We are often asked if you have to go to Court to get a divorce in San Diego. While it is possible never to have to go to Court to complete a divorce case it requires a lot to go well.
If you and your former spouse are in complete agreement on every aspect of your divorce Burke & Domercq can prepare the appropriate paperwork and the settlement agreement. We would prepare a properly signed “stipulated order” which the Judge simply needs to review and approve.
This is often possible when the parties have few assets and liabilities and no children.
However, if you have children or substantial assets and/or liabilities the question of if you have to go to Court to get a divorce in San Diego gets a bit more complex.
In order to complete a divorce every issue in the settlement agreement must be completely resolved. All assets and debts must be equally divided between the parties under California law. If you have children there will need to be a child custody and parenting time plan.
If either of you owns a business there will need to be a valuation of that interest to establish the amount of the community property interest in the business. Community property is equally divided between the parties so if the business owner wants to keep it they must offset their former spouse’s community interest with other assets or a loan.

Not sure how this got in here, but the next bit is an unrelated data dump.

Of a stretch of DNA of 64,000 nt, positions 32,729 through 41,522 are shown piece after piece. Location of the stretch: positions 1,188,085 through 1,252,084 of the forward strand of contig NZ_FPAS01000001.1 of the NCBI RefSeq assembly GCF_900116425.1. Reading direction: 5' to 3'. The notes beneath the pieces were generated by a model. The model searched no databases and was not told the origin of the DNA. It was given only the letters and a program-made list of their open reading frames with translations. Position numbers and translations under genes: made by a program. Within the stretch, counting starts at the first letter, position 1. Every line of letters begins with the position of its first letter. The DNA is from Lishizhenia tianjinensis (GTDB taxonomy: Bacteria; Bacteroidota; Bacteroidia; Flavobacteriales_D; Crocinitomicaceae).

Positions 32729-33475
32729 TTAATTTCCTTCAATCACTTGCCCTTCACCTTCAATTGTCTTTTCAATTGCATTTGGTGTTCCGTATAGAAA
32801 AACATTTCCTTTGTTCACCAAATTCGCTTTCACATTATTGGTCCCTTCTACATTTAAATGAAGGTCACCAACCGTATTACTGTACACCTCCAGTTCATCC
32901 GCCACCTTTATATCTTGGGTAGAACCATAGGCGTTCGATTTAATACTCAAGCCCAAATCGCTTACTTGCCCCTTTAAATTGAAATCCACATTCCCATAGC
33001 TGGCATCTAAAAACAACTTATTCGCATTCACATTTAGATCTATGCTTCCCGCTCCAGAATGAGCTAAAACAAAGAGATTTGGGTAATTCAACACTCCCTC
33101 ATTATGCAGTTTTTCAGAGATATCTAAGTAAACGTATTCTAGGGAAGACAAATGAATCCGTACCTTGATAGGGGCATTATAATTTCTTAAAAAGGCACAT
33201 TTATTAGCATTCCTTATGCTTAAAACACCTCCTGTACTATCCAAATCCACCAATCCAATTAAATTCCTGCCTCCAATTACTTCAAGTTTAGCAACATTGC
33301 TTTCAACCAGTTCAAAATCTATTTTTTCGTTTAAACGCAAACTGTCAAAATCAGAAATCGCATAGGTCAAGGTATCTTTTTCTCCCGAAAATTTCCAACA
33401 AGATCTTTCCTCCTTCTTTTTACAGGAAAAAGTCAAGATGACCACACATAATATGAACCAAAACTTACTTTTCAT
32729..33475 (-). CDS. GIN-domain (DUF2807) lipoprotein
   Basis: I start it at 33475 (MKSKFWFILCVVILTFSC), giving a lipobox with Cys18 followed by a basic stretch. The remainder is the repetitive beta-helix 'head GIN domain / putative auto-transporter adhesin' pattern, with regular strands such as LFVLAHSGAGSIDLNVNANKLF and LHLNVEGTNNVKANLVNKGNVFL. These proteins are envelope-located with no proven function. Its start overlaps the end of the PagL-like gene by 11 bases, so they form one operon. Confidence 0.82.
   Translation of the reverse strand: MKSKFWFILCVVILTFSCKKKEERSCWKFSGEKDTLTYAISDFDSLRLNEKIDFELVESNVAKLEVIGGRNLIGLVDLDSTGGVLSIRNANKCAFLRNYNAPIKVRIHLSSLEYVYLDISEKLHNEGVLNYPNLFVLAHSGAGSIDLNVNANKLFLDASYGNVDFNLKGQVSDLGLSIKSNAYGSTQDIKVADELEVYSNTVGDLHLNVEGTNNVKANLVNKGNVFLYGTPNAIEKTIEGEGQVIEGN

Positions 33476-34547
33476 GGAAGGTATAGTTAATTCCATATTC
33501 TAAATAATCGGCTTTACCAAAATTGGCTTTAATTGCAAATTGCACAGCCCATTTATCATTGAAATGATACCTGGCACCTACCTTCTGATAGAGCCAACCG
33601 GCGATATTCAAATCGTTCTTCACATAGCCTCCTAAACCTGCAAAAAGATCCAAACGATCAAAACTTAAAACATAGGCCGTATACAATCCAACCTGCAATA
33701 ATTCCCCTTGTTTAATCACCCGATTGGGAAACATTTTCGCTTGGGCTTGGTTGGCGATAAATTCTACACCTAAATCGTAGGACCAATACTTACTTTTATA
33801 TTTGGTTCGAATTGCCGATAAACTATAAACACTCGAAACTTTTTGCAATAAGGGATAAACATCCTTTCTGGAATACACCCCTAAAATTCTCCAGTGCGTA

Retirement accounts must be divided as part of the community property settlement. A 401(k) and many other plans require a complex legal document known as a “Qualified Domestic Relations Order” or QDRO. Your plan administrator(s) require specific structure and language within the QDRO or they cannot and will not execute the orders in your case.
You may have to go to Court to get a divorce in San Diego if there is any disagreement between you and your former spouse on any aspect of your divorce. It is possible to avoid Court altogether through mediation and perhaps a private Judge. This is why it is important to speak with the experienced Certified Family Law Specialists at Burke & Domercq if you are considering a divorce.